Widely praised as one of the best Batman stories ever written, I was a bit underwhelmed when I finally got around to reading Jeph Loeb & Tim Sale’s The Long Halloween. Originally published about twelve years ago over thirteen issues, this detective story pits Batman, Jim Gordon and DA Harvey Dent against a serial killed dubbed ‘Holiday.’ Over the course of the narrative, Dent becomes Two-Face.
The novel is a continuation of Batman: Year One, with the mob gangsters making up a crucial part of the storyline. In their zest to bring down Gotham’s crime lord, Wayne, Gordon, and Dent all demonstrate to the reader their varying notions of justice. The three men debate the lengths they will go to bring the Roman to justice, and enter a pact, agreeing to bend the rules if necessary, but never to break them.
Each issue represents a different holiday, which in itself is an interesting tactic: as the series was originally published, each issue would correspond with that time of year. As time goes on, ‘Holiday’ seems to be targeting first one crime family and then another. But eventually the characters and the reader begin to suspect that Dent is behind it all. The inevitable twist at the end of such noir-ish tales was unsurprising and seemingly inconsequential for the greater Batman universe.
I’m honestly not sure why I didn’t like this more. Perhaps the obvious Godfather styled opening turned me off, perhaps I felt there should be a better emphasis on the ‘freaks’ of Gotham taking over for the mob. The best aspect was the different conceptions of justice the three main characters had, and the insights we got into who Bruce Wayne is as a man, even separate from the Batman person. I don’t recall if the particulars of his own feelings of culpability in his parents’ murders had been detailed before, but that delivered an emotional punch unequalled in many comics.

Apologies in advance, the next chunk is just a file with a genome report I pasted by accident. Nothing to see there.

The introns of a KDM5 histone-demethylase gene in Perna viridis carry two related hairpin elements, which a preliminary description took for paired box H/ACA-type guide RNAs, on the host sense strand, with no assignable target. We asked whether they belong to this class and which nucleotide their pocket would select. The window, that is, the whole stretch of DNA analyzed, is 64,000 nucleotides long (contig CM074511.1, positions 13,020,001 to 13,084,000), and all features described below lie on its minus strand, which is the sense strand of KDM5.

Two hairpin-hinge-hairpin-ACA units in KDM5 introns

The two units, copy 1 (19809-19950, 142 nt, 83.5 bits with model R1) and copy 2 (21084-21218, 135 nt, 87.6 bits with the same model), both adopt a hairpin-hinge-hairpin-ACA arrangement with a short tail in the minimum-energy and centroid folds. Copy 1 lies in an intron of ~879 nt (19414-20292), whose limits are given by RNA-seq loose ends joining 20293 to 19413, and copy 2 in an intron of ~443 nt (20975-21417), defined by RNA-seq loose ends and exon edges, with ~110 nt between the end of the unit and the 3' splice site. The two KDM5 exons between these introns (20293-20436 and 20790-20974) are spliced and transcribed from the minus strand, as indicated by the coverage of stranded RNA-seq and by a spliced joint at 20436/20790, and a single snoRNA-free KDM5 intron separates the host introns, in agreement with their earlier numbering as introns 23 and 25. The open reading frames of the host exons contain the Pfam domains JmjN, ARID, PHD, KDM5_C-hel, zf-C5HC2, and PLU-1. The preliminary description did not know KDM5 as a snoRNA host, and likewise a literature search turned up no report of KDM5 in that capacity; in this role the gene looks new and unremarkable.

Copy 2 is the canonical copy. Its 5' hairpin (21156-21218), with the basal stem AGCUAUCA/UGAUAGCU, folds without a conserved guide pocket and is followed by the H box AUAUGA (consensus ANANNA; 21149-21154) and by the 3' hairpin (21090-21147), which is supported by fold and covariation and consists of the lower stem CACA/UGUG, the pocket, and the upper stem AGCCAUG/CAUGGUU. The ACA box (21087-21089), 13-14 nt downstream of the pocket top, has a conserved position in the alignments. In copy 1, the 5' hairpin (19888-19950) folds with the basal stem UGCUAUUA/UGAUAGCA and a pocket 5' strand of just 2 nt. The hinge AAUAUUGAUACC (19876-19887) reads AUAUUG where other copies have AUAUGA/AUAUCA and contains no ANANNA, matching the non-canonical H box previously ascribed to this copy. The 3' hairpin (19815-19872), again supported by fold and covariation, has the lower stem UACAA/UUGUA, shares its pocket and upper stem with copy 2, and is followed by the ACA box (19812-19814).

Sale’s artwork was definitely up to the task, capturing the noir look in a way that few can. However, I do feel that the dominantly brown tones that are emblematic of the Godfather movies would have served the story better than the blues and blacks common to Batman. Setting this story in the 1930s also might have been a nice touch, though it would obviously have lost a bit of the connection with Year One.
Still, an entertaining, lengthy story that I am sure everyone else will give his or her highest recommendation. I just wished it hadn’t been hyped to me so much; I might have been able to approach it without prejudging.